Chris, how about data that shows frequency of non-fatality accidents?

          • 0 avatar

            The data’s a bit sketchy. According to the CDC, distracted driving accounts for about 10% of traffic fatalities. However, diving into the data a bit, cell phones are a factor in 14% of those incidents. So cell phone use is a factor in about 1.4% of auto fatalities. Not sure that constitutes an epidemic.


  • avatar

    Lol @ them trying to move the goalposts to drunk driving. I’m pretty sure distracted driving has surpassed it in terms of damage to people and property.

  • avatar

    How about this:

    When the car senses that someone has attempted to make a call/text on a cell phone, it gradually and smoothly applies the brakes until the car comes to a full stop, then turns the engine off, flashes the hazard lights, and sounds the horn until the cell phone is turned off.

  • avatar

    This is why auto braking can’t come soon enough because the horse is already out of the barn when it comes to using phones while driving. The irony is people texting their loved ones with messages regarding their late arrival time due to how the bad the traffic is thanks to someone who was not paying attention and crashed while texting about how bad the traffic is.

    • 0 avatar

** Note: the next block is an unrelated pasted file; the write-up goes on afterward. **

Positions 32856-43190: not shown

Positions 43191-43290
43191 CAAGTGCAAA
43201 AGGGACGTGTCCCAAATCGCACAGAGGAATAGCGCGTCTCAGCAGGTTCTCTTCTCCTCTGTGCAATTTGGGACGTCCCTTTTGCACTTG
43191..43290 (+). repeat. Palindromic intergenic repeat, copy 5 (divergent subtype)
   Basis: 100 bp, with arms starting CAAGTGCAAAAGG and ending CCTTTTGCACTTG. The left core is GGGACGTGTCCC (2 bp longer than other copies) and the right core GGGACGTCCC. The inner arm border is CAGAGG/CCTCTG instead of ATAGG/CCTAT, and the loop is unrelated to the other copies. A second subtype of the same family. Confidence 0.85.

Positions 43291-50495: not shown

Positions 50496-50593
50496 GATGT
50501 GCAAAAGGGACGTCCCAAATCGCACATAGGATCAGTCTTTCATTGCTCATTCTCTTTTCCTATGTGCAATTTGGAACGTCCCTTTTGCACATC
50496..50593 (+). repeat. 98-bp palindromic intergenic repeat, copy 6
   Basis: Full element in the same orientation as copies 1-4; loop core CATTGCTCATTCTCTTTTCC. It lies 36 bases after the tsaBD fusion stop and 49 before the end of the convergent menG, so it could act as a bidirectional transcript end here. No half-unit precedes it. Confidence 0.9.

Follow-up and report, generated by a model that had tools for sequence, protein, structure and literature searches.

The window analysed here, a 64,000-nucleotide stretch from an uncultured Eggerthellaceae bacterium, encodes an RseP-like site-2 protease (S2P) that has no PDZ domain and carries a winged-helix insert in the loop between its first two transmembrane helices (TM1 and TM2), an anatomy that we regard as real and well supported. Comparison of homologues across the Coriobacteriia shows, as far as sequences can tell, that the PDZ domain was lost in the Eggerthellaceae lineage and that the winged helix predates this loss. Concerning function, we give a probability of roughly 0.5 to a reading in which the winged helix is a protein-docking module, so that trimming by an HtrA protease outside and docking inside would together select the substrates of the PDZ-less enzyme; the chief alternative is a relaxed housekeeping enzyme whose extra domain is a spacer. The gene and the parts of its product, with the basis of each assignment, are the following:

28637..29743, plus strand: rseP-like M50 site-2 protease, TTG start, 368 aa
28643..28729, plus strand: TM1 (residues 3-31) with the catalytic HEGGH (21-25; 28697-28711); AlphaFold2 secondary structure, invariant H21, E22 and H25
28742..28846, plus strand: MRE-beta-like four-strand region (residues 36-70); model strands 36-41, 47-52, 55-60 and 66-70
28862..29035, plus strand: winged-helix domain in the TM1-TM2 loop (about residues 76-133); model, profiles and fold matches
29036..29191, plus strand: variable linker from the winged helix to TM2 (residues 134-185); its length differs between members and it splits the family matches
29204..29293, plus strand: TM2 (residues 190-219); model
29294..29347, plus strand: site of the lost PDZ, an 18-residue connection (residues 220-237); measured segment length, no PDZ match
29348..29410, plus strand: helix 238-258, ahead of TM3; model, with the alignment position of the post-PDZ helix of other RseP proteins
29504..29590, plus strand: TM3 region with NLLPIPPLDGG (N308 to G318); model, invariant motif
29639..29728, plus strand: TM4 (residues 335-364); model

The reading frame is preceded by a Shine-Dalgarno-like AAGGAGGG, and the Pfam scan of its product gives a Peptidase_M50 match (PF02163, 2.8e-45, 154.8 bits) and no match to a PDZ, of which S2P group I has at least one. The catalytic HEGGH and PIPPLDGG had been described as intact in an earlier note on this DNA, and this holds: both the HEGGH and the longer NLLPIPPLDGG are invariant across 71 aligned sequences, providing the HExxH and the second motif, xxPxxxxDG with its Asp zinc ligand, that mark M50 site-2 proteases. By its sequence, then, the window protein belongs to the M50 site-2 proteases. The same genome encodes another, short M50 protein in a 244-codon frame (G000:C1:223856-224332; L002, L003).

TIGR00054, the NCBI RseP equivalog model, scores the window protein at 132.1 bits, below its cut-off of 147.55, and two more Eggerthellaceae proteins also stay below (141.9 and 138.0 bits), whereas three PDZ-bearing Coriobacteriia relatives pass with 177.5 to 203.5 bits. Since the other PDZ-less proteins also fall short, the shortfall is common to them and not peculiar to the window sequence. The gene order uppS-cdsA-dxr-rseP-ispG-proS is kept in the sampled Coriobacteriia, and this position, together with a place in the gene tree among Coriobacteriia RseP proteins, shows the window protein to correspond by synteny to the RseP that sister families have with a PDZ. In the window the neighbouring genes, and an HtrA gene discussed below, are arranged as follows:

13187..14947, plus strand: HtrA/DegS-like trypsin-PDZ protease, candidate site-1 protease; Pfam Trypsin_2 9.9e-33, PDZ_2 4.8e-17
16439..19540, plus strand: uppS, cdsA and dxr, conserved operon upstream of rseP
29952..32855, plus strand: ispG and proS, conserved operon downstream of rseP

There’s a flip side… when you have auto braking, auto steering, and auto adjusting cruise… like I have… it actually tempts you to glance at your phone because your “car has it”.

      Mind you my wife thought I was crazy because I actually put my phone on mute in the car and refuse to pick it up.

      I wonder if auto braking and what not may actually decrease the risk of using said devices and therefore increase its use as a sideproduct?

  • avatar

    They would really freak at my solution: If the GPS in your phone detects a speed greater than 10 mph, the only number you can communicate with is 9-1-1.

  • avatar

    So, automakers want to ban waze, maps, etc., phone makers want NHTSA to butt out, and NHTSA wants the phone to know who’s touching it while it’s mounted to the dash… I want a winning lotery ticket and a rainbow pony. Hey, NHTSA: get on my wishlist.

  • avatar

    Eyes Down.
    Light goes green, five seconds go by. finally, cars move.

    Eyes down.
    Left Lane, 62 in a 70-ish 65 zone. The reflection of the smartphone upon her face in the dim light. I’ve seen this one many times but the open laptop or huge ipad is usually male and equally dangerous. Sometimes they look theatrically backlit !

    Eyes down.
    Traffic jams…. traffic moves, car does not. Pecking away at texts.

    All day, every day.

    I really get peeved when you know the car has bluetooth but they don’t use it.

    Texting is more of a danger than DWI. Some states have no cell phone laws, others are nuts like NY, where in NYC, cops walk up to you in traffic and give you a ticket. Sadly, that is the least dangerous place drivers use these.

  • avatar
    George B

    Ultimately the driver is responsible for his or her driving. Not messing with the phone while driving is no different than stopping a conversation with a passenger or turning off the radio when difficult driving conditions demand your full attention. The main issue is that people spend lots of time in cars not driving. Both as passengers and as drivers stopped waiting to drive. I don’t mind people responding to a text while stopped at a red light.